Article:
Placed on – 20 April 2022

Sustainable Development Goals (SDGs) in Action with IoT

SDG

Being both creative and innovative in the way we imagine, think, decide and act is key to achieving the sustainable future we all want. In that sense, this year’s World Creativity and Innovation Day and its 2022 theme: “collaboration” gives us the opportunity to start a conversation and shed light on innovative ideas and technologies that will allow us to advance the Sustainable Development Goals (SDGs) and make the world a better place.

One of those innovative technologies with the potential to reduce our carbon footprint by one-third of the reduction required by 2030 —according to the World Economic Forum— is the Internet of Things (IoT). Through its transversal applicability across several industries, IoT can help us address several SDGs including, for example, SDG 9: “Industry, Innovation and Infrastructure” and more specifically target 9.4 which aims at “retrofitting industries to make them sustainable with increased resource-use efficiency”.

Through constant monitoring and real-time reporting of carbon-intense processes and activities, IoT can provide several industries with actionable data, thus helping decision-makers tailor specific interventions to find lasting solutions to current environmental challenges. In that sense, being part of the so-called exponential technologies, IoT devices, and applications open a range of new opportunities to achieve our sustainability commitments, including strengthening the call to the construction sector to create “Net Zero Carbon Homes.”

Harnessing the exponential: one example.

Electricity drives our lifestyles. According to the World Resource Institute, 76% of our current worldwide CO2 emissions come from energy use (31.9% from heat and electricity). Out of that, 11.4% comes from the energy use in residential buildings. The good news? We do not have to give up our appliances to achieve our sustainability goals, but we do need to learn to use them in smarter ways. IoT can help us cut emissions while saving us money.

To make it more concrete, consider for example a residency complex built with solar panels or heat pumps aiming to achieve energy neutrality, thus trying to produce more energy throughout the year than the one it needs. Considering that the energy production of residential buildings is never exactly lined up with their energy use, a “storage” is needed (such as a big battery or an electricity net). And here is where the problem starts. Houses are living spaces: devices fail, configuration settings get unintentionally changed, we forget to close one window but turn on the heating at the same time; in short: the use of the house is often in conflict with the energy neutrality goal. IoT can help us manage and keep the correct energy usage to achieve the neutrality goal without affecting any comfort or quality of living. By putting some sensors in, providing data and information, and alerting us of any issues through something as simple as an app in our phone, IoT makes energy neutrality goals easy to achieve.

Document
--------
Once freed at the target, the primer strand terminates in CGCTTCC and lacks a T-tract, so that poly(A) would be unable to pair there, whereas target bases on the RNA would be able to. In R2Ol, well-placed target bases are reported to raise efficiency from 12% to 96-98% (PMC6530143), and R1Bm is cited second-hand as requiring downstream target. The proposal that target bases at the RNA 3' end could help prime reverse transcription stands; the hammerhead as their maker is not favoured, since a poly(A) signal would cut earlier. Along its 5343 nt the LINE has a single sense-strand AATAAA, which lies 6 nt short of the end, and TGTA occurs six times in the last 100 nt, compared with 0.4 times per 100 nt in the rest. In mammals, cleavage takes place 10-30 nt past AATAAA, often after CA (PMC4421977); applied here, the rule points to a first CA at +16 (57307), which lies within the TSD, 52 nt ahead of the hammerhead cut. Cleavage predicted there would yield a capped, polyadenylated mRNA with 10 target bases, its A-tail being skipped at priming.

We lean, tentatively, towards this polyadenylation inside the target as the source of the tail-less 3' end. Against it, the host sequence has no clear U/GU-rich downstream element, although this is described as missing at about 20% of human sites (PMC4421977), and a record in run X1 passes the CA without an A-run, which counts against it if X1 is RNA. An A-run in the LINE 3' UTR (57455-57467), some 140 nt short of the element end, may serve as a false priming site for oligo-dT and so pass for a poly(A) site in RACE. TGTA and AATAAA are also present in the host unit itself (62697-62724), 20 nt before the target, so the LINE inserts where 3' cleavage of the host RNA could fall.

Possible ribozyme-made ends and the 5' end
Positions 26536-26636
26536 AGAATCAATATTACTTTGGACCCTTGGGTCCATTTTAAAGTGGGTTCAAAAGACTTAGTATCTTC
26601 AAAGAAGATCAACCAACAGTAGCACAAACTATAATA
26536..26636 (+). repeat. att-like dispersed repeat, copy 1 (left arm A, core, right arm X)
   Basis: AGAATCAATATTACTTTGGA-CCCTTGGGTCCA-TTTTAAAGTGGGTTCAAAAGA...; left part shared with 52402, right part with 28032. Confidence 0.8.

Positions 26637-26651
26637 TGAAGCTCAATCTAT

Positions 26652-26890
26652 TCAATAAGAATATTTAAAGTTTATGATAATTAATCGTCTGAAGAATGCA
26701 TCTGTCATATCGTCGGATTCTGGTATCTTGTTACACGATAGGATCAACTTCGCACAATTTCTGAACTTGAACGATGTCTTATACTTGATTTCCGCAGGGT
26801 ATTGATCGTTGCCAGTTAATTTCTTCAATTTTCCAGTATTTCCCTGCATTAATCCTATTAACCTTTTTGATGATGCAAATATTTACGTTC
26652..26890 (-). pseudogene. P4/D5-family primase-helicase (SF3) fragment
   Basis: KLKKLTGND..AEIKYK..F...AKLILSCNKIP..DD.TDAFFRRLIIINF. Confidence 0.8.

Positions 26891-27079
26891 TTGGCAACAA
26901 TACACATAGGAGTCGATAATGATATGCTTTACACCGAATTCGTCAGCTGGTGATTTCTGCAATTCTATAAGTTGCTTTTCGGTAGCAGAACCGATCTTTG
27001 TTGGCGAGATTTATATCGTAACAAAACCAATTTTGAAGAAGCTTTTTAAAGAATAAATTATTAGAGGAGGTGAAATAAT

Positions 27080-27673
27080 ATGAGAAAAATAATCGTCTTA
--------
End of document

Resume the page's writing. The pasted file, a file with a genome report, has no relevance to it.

For those wanting to do more, it is possible to go even further than that. How about measuring humidity in a bathroom or air quality (CO2 concentrations) in areas where lots of family members spend time together? There would not be any need to have ventilation systems on all the time, just when really needed. In that sense, IoT is a supportive technology that can help us, among other things, to optimize our energy usage and thus decrease our carbon footprint.

As a technological innovation, IoT can only reach its full potential and achieve desired sustainability targets when effective collaboration is established between the people with the domain knowledge of: 1) the industry (e.g., construction company) and the residential complex, and 2) the IoT innovators (a savvy company that listens to their needs and input). This brings us back to the World Creativity and Innovation Day’s theme, as the collaboration efforts are central to achieving the intended outcome.

Let us walk the talk

The development and deployment of IoT is already making a substantial difference worldwide supporting people and collaborating with diverse industries to cut carbon emissions and advance the Sustainable Development Goals in several ingenious ways.

IoT devices and applications constitute innovative data sources that can effectively guide decision-making. However, as with every other innovation or new concept, it is hard to surpass existing barriers in industries or organizations that have been doing things the same way for a long time and are reluctant to change.

In this regard, IoT’s potential and benefit needs to be embraced and furthered by policymakers, decision-makers, implementors, and people in general. It needs to be welcomed, known, encouraged, and applied by many more before we can see the desired and needed decrease in our carbon footprint by 2030. We all need to start imagining, thinking, deciding and acting proactively towards sustainability and the world we want.

Do you already have sustainable development goals in mind?

Just tell us the impact you want to have, and our team of experienced IoT innovators can collaborate with you to achieve your goals.

To learn more about IoT solutions visit evalan.com or contact our experts at info@evalan.com to start addressing your ambitions directly.

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